We invited Literally Stories author and friend, Dave Louden, to be Editor for a day and choose his three favourite stories from the site. Here is what Dave had to say about the three stories he chose and why he felt they were special…
If there was ever a task that was as enjoyable as it was difficult it’s this one. On the one hand I got to re-read some of my favourite stories this site has offered up but on the other I had to narrow down months of great reading to three stories. Three titles across a cornucopia of genres. How do you compare a Noir to a light-hearted comic fable? A piece of science fiction to a poignant piece of personal history? In the end I had to simply say “F*ck it! Which stories made me wish to Christ I wrote them?”
First up is Reminiscing by Hugh Cron. It’s a real hilarious heart-breaker of a story across generations that deals with identity in so many ways. Hugh’s writing quite often leaves me shaking. He has a real sharp use of language that cuts through all the B.S. and refuses to sentimentalise some of the most harrowing traits of humanity. He also has an incredibly well-tuned sense of humour that makes even the most shocking narrative so sugar sweet.
My second choice was actually the first story on to my list… clearly these are not in any kind of order. Tobias Haglund’s Mr. Peta came along when I was just leaving the Noir mind-set. I had been working on a commission for the Arts Council, a Noir-Comedy set in Belfast, so for the longest time I was “all about Noir.” Finally, after months of writing I handed it in and was able to leave Noir behind me. Then Mr. Peta came along. Not only did it blow me away but it really made me wonder how I hadn’t thought of some of the playful turn of phrases, the humour and entertaining plays on Noir conventions that seemed to ooze from Tobias’ brilliant story.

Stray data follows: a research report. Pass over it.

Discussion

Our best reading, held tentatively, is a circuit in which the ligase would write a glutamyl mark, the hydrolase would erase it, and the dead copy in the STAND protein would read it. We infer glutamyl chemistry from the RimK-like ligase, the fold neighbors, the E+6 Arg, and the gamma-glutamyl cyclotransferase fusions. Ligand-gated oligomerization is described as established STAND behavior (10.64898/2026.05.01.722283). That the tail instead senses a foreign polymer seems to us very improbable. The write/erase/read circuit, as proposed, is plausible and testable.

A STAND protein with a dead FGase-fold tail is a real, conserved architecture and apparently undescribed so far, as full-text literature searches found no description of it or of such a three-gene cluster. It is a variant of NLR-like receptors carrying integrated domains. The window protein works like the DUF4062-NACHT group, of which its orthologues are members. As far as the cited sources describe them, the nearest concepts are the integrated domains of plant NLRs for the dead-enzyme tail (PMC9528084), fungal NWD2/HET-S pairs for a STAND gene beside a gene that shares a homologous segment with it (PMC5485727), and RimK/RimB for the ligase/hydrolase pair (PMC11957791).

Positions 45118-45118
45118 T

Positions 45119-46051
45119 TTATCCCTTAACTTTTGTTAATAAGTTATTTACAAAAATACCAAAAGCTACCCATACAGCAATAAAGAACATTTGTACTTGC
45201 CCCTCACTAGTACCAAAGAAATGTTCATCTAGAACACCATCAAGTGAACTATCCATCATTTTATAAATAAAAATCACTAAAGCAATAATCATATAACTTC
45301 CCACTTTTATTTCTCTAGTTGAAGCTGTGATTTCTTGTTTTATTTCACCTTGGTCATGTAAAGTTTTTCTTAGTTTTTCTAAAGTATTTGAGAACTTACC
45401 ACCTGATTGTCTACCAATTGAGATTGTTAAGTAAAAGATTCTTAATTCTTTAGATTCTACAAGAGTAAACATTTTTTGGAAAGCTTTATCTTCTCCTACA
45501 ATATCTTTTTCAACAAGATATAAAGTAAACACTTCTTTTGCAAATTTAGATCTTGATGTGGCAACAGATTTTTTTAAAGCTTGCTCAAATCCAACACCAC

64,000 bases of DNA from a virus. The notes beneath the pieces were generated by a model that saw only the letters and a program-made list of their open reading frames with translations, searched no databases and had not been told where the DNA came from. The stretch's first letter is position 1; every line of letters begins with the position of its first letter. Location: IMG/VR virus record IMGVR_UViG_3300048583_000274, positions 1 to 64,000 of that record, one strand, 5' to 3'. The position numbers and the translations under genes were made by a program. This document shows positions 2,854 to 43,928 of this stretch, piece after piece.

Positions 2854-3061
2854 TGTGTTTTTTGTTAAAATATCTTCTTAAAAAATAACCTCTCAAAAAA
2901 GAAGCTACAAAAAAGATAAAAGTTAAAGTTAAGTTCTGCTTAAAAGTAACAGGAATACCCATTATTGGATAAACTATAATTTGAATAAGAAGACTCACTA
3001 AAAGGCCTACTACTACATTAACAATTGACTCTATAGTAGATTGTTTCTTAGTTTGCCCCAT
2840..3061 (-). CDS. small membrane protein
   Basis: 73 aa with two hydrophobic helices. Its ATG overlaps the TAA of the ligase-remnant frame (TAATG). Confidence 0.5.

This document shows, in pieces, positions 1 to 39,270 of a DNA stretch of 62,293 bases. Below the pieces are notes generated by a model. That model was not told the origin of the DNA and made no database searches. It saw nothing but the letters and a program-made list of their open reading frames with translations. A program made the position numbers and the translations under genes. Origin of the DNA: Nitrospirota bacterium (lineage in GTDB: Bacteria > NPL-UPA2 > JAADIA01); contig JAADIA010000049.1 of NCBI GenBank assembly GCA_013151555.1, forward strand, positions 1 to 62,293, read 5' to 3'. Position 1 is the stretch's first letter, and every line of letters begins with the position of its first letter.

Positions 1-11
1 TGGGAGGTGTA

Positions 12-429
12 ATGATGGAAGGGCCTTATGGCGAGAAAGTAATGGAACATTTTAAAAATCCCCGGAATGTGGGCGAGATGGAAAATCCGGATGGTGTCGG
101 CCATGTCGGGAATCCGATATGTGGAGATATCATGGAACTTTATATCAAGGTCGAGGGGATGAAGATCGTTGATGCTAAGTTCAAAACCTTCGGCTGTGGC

Had I been asked to do this one week earlier my third choice would have been something completely different. Catfish McDaris is a writer who has worked with Charles Bukowski, an author with an extra special place in my heart (and head). A Geronimo Moon has that similar signature of Hank’s idol – John Fante, and in particular Fante’s Wait Until Spring, Bandini. As father and son cross country in search of work it echoes the frontier spirit of the first wave of white America, only the opportunities have narrowed. The hope almost all but gone. The prose Catfish uses is beautifully harsh. When I got to the end of the story I went back and read it again.